Here’s my 2 cents worth of thought on the issue: No it’s not and no you don’t. What may be “killing” your thyroid is a poorly formulated low carb diet – just like any poorly formulated diet might. But it ain’t the lack of starch, as starch is non essential to human life. The lack of what you don’t require can’t make you deathly ill.
Whenever I respond in this way to internet folks who vehemently proclaim that their low carb diet is turning them into a shivering, balding, lustless, thyroid wilting pile of goo, their answer is always “Oh – so it’s my fault is it? I eat a pound of bacon three times a day without even looking at a vegetable just like the experts told me to and you say it’s all MY fault!?”
Well, yeah – that’s right. It is your fault. It’s your fault for misinterpreting the experts since not a single low carb expert has ever suggested not to eat any vegetables. It’s your fault that you did not check to see if the diet you undertook contained all the nutrients you require. So yes, it’s all your fault. Who else’s is it?
Now, let’s explore this a bit deeper. Come with me on a journey of poorly formulated ideas and misconstrued malignings about low carb diets. I want to try and clarify these misunderstandings so you can hold your bacon high and gobble that ground beef without worrying that your thyroid will shrivel and die. Here we go…
So, what would cause a person’s thyroid to go haywire? Could reducing the amount of sugar one eats cause harm? How could the thyroid be harmed by not flooding the bloodstream with gobs of glucose? Here’s what one person said on an online forum when I asked her what she was eating when she adopted a low carb diet:
Well, I’m not eating a low carb diet now because I realized how dumb it was, for me at least. But what I used to eat was: 3 eggs fried in butter sometimes with bulletproof coffee. A pound of ground beef with cheese. a pound of bacon or chicken and pork rinds. Steak (12 to 16 oz) with butter and more cheese (1 to 2 ounces). 3 days a week I also had berries with a 1/4 cup of heavy cream. I also frequently had bacon with breakfast too, just not always.
Others like her said the LC diet made them ravenous – so much so they had to eat as much as ~4500 cals a day at a height of to reach satiety. They often complain their hair was falling out, no sex drive, being cold all the time and told by thier doctors that their thyroid is whacked.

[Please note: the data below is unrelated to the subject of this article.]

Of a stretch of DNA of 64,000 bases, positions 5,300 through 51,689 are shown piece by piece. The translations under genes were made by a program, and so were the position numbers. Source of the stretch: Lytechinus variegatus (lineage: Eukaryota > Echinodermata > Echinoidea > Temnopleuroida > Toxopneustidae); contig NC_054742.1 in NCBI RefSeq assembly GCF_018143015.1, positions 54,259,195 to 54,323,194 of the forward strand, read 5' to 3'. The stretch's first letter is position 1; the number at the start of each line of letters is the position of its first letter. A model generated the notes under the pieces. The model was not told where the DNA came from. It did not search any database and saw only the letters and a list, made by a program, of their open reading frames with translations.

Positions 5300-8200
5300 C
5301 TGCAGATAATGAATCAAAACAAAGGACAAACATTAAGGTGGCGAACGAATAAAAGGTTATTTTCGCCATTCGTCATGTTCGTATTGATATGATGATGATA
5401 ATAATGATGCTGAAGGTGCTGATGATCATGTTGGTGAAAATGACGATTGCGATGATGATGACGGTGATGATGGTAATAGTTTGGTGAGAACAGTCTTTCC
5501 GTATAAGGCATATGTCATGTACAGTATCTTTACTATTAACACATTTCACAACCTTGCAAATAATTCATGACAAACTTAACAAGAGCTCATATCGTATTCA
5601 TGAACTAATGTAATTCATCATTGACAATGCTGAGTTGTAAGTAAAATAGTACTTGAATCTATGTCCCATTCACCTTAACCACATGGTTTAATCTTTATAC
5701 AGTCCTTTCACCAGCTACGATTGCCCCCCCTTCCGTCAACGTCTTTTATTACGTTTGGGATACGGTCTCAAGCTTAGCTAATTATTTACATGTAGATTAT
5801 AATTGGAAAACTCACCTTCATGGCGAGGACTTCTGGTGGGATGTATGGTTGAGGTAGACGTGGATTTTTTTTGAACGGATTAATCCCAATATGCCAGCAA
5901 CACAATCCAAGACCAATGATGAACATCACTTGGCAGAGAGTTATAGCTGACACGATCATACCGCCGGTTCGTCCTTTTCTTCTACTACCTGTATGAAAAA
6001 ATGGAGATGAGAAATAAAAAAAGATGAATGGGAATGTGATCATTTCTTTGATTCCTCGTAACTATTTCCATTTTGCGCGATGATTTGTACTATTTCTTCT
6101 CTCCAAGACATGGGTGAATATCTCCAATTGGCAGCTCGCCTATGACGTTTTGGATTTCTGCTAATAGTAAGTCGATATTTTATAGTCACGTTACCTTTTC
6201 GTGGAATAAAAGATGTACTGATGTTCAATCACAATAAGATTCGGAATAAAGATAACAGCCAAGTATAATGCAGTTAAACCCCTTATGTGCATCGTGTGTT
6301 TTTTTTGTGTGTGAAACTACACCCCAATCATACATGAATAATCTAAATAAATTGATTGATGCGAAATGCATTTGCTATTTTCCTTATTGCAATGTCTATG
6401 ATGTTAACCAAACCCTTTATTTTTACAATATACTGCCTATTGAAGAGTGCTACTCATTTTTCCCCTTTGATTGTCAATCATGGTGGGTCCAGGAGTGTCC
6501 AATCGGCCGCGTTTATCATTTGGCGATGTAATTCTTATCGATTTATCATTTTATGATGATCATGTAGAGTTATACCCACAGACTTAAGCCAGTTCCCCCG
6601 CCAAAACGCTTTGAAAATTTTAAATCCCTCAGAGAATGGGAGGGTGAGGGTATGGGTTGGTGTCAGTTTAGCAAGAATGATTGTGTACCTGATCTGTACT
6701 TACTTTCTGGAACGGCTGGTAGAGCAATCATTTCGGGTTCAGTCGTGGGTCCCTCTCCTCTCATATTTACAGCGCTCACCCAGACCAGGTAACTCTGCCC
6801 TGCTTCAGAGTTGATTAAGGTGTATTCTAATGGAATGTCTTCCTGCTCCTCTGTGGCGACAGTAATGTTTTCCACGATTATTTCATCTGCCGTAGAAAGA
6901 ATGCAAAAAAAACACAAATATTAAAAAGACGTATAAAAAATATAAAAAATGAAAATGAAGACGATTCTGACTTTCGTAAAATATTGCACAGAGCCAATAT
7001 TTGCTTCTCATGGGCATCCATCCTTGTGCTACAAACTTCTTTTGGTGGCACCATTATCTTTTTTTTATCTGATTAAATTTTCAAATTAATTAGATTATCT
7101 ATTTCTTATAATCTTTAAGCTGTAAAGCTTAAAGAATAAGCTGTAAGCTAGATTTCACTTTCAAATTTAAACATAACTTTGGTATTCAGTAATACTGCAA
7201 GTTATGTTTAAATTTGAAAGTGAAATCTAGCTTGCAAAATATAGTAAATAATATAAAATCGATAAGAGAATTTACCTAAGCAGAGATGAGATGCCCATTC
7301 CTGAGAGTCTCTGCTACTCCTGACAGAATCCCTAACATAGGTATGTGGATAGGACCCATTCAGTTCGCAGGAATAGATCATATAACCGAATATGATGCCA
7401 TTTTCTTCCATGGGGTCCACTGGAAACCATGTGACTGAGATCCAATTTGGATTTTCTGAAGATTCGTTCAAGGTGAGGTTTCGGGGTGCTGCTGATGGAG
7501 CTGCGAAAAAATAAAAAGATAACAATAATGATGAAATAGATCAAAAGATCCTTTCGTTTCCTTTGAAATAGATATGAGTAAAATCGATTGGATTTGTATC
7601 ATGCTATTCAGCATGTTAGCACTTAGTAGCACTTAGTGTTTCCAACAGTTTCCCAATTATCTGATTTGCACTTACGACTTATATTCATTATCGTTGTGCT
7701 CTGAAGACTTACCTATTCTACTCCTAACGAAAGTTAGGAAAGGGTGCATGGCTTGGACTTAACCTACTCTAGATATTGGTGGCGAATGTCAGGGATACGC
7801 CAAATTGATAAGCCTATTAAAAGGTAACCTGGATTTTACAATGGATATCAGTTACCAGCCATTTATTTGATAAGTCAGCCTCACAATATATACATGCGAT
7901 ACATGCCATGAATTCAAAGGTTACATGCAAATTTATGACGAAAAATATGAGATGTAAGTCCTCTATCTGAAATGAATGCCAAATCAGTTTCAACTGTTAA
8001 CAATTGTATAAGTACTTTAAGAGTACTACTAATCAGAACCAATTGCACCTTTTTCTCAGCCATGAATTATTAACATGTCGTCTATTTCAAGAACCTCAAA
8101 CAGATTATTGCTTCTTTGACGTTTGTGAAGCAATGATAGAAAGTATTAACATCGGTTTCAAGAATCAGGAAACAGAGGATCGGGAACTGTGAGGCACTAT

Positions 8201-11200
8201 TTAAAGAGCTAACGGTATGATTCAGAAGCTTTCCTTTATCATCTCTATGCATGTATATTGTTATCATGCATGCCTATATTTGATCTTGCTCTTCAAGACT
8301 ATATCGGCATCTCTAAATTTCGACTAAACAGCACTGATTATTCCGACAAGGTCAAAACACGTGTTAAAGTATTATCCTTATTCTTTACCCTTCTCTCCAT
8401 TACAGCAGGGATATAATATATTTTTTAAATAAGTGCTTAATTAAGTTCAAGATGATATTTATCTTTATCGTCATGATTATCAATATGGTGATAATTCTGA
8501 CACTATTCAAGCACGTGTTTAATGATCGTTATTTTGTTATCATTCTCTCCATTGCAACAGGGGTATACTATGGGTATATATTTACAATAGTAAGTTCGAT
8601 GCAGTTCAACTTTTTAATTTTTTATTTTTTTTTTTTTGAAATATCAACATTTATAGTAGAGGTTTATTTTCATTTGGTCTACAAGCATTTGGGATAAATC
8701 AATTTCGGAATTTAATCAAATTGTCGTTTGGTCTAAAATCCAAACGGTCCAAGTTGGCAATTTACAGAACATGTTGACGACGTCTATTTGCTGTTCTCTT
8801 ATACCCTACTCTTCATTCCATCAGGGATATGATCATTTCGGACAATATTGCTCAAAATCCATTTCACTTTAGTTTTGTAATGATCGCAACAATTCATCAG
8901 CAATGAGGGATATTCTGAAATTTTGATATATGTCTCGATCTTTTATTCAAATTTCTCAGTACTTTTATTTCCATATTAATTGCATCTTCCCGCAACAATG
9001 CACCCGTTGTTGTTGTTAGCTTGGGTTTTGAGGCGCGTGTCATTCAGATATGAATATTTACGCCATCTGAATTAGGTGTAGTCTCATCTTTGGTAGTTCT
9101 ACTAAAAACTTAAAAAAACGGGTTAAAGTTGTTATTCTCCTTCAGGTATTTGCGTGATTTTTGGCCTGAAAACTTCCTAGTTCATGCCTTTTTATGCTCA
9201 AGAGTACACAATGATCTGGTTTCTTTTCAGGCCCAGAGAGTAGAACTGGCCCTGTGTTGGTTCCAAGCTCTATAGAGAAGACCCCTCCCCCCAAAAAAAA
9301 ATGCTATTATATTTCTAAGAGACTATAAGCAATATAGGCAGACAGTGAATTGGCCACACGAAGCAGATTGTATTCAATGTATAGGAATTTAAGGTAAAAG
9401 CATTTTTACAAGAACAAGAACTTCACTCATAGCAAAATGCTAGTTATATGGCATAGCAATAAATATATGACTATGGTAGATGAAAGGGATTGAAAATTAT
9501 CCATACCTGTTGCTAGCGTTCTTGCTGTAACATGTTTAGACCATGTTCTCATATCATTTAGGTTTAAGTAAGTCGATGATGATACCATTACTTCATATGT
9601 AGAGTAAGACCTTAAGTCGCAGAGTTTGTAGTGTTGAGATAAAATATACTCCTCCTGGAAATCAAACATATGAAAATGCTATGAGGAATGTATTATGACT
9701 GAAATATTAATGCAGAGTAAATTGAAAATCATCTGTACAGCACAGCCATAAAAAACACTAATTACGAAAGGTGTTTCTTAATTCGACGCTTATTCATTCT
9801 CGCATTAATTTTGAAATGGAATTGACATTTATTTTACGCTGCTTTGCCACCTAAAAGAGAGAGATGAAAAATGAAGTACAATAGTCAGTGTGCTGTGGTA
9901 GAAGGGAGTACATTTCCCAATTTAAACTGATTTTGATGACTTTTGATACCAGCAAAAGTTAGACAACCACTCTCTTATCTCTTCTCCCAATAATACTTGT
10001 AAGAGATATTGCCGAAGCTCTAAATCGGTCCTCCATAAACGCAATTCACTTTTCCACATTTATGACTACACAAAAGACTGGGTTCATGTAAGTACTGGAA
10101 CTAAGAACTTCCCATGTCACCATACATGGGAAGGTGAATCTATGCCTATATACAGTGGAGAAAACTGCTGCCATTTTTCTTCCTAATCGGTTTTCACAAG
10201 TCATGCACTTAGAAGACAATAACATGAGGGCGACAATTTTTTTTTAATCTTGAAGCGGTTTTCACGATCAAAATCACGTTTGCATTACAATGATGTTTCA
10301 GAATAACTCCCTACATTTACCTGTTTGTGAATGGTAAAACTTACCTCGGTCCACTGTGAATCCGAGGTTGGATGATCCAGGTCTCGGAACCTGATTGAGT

So could this low sugar/carb way of eating cause the thyroid such harm? Does the thyroid need sugar? Does it need carbohydrate? Or, does it need certain micronutrients? Could a diet devoid of certain micronutrients (vitamins and minerals) that are important for the healthy functioning of the thyroid be to blame? What are the nutrients that make the thyroid a happy camper?
Iodine, selenium, zinc, magnesium and vitamin A are all important nutrients the body uses to manufacture thyroid hormones says the NIH. Interestingly enough, bacon packs a pretty good nutritional wallop. Let’s look at what just 6 slices of bacon gives us (remember she said she’d eat a pound!):
Selenium: 34 mcg or 48% DV
Zinc: 2 mg or 6% DV
Magnesium: 17 mg or 4%
Vitamin A: 21 IUs
Not too shabby. Vitamin A is on the low side but this could be easily rectified by eating a mere ounce of liver a few times a week. Vitamin A (found primarily in animal fats) helps the body absorb iodine. Ground beef’s not so bad either for all these nutrients but like bacon is low in vitamin A – only 6.4 mcg.
Speaking of iodine, according to this nutrition counter, bacon has 3.0 micrograms (mcg). This may be because bacon is usually cured with salt. That said, 100 grams of unsalted ground beef has 4.2 mcg so maybe not. The NIH says adults require about 150 mcg daily. A 175 gram or 6 oz burger would only zap you with 10 mcg.
Remember that one person said she ate 450 grams (a pound) of beef for breakfast. That’s roughly 18mcg of iodine alone. She also ate cheese. Much to my surprise, cheese is rife with iodine. A mere 100gms or 3.5 ounces has a whopping 95mcg. Now, that’s a lot of cheese mind you. A thick slice of burger cheese is about one ounce.
But she was pounding down the calories so I think it’s fair to assume the was eating the equivalent of three slices. So if you add up her total iodine intake over three meals a day totaling ~4500 calories, she is getting close to or all the iodine she needs. But I must say this – I highly doubt that she was eating this much food.
I am not calling her a liar mind you. I think she just needs a new abacus.
My wife makes a very good point in saying that most people who want to lose fat are not eating as much food (or even close) as Sara on a LC diet. And they are not eating much if any processed foods. This might result in a micronutrient deficiency unless you’re eating adequate vegetables on a low carb, paleo diet.
So for those of you who are on a VLCD and might be experiencing health problems, make sure you incorporate veggies into your meals like a nice mixed salad and a variety of other non-starchy veggies to make up for the possible shortfall in nutrients from eating muscle meat alone. It’s probably a good idea to include a variety of sea veggies too. It isn’t the low carb diet per se that’s hurting you (lack of starch and sugar) – it’s possible a shortfall of essential micronutrients.
And there are several experts like Dr. William Davis and Dr. Eric Westman who explain that sometimes when you alter your diet for the better, hormones need a bit of time to re-regulate themselves. So even though you might see changes that appear negative after adopting a low sugar, higher fat diet, they are short lived. And all of the RCT studies show that LCD are the go to diets for improving health and metabolic syndrome.
Food for thought at least.